The Daily Update - Markets Expect Syria Intervention Not to Snowball

The economic calendar looks relatively light today (before China GDP, retail and industrial output tomorrow) meaning that traders and markets have been focusing on the weekend’s Western sorties in Syria and a number of other geopolitical pressures. The solemn worsening situation in Syria and its multi-faceted and far-reaching aftermath include: US’s further sanctioning (expected later today) on Russian companies tied to the production of chemical weapons; the discord within UK parliament on whether Theresa May’s prerogative to join US and France airstrikes goes against the spirit of the parliamentary process (including 15 years of convention) and undermines UN Security Council procedures; it hampers the likelihood of success for the forthcoming summit between North and South Korea and the potential meeting of Kim Jong Un and President Trump; puts pressure on Brent oil prices to remain around the current ~$70 range; it emphasises the urgency for the Organisation for the Prohibition of Chemical Weapons (OPCW) to be allowed to investigate the locations of suspected chemicals attacks; it opens further possibilities for Iran and Israel to deepen their conflict in the Syria region; and it still does little to support the people of Syria in the near-term (who are themselves split, with large protests over the airstrikes gathering in Damascus).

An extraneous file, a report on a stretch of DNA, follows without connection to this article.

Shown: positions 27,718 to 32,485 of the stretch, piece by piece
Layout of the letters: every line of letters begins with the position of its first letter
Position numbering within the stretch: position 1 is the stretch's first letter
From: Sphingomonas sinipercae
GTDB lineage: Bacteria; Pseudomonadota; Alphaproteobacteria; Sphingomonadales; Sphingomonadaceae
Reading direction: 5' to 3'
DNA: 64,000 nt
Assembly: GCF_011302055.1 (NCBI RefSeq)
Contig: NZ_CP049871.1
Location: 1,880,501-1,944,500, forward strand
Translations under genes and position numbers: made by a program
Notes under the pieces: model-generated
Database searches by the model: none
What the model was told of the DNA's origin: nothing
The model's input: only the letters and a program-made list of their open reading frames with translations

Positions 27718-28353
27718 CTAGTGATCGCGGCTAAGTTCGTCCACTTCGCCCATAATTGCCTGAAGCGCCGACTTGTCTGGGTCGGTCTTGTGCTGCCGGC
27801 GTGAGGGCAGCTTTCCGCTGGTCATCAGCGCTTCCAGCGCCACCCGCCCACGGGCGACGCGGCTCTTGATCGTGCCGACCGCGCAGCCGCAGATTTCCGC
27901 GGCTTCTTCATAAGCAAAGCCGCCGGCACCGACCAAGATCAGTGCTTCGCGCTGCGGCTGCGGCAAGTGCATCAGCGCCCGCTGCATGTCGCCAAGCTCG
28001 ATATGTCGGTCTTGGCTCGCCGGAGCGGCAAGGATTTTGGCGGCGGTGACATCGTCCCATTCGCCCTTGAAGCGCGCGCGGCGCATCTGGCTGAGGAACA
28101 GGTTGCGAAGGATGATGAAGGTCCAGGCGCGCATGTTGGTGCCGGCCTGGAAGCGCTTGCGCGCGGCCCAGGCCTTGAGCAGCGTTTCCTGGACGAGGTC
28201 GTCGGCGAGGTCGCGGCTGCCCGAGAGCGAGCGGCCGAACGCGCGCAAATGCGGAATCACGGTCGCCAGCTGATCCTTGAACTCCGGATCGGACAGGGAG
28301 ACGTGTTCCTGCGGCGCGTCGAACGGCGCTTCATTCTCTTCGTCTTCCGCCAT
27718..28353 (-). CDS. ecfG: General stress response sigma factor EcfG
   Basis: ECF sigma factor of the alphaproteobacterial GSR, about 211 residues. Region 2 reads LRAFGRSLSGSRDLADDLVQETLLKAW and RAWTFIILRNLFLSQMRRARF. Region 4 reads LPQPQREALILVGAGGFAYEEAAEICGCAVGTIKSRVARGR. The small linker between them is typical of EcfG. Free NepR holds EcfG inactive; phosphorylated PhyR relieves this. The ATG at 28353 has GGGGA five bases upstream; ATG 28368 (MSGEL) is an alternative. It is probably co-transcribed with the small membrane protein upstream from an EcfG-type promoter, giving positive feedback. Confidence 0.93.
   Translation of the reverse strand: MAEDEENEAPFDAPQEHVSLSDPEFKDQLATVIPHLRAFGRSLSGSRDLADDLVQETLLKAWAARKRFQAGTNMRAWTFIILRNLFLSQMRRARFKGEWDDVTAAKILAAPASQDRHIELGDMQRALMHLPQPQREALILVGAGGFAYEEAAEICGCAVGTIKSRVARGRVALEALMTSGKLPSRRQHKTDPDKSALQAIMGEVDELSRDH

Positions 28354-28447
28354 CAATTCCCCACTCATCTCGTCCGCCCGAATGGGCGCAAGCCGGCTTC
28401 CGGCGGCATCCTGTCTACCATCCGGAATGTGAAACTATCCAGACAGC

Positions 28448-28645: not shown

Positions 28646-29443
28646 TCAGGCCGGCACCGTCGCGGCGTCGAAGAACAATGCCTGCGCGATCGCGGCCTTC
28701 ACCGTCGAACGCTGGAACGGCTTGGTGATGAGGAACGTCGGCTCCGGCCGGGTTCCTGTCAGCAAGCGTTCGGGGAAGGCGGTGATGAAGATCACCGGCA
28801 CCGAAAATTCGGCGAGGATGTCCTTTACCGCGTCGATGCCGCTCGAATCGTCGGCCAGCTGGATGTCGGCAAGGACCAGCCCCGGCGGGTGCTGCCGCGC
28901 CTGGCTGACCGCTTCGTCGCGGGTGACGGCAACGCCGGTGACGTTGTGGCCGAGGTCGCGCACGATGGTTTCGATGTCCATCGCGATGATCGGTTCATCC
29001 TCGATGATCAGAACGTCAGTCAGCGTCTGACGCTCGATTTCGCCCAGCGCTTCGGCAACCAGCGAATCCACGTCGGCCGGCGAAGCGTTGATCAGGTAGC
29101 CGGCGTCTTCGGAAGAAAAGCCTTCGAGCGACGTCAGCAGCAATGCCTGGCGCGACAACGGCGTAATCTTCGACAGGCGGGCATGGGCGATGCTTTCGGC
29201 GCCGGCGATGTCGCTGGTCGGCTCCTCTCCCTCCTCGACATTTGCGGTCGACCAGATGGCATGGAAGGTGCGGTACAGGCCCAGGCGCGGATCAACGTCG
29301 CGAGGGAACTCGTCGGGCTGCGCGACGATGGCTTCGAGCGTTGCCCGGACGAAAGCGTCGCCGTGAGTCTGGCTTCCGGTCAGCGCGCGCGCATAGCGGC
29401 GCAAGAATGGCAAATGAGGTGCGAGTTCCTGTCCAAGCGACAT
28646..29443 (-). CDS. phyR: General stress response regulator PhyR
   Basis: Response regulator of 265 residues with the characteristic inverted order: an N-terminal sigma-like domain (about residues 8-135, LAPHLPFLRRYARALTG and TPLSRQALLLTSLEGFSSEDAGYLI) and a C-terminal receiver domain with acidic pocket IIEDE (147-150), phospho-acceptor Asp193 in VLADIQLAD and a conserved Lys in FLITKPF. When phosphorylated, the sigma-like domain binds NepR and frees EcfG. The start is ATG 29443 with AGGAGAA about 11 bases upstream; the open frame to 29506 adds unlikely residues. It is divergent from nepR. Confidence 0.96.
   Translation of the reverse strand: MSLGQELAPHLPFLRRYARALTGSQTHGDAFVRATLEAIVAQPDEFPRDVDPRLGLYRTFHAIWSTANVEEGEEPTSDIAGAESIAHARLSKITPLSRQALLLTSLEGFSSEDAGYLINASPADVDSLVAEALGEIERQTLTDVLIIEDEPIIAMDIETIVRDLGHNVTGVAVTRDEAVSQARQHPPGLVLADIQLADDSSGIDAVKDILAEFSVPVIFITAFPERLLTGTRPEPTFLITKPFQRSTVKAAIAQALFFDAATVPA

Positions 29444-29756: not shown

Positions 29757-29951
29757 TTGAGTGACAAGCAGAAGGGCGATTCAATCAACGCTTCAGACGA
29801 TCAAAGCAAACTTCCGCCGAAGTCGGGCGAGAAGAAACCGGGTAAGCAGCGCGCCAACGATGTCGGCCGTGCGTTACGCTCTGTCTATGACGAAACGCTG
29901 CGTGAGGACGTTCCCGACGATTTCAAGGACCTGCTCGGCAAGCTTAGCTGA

Globally, the rhetoric following the airstrikes demonstrates the polarisation on the issue. NATO Chief Jens Stoltenberg stated that, “All NATO allies back Syria airstrikes” with many other global leaders (including Israel and Turkey) voicing support. However, some like the Iraqi foreign minister and UN Secretary-General António Guterres more stressed the “dangerous consequences” urging “all member states to show restraint”. Those UN permanent members include not just the US, UK and France - but China who called the intervention “a violation of international law” and Russia with Putin asserting the attacks had a “destructive influence on the entire system of international relations”.

Yet, beyond the bombast, all sides seem to have kept their composure and markets have taken this as a positive: with US equity futures up (Dow up 130 points), oil dipping from the highs of last week (Brent had spiked to $73 per barrel) and the Russian rouble seems to be reversing some of its earlier losses. With broad agreement with NATO Chief Stollenberg that, “The use of chemical weapons is unacceptable, and those responsible must be held accountable.” many saw this weekend’s airstrikes as unavoidable. Contrastingly, the market response seems to have recognised restraint from both sides and expect further military escalation is avoidable.

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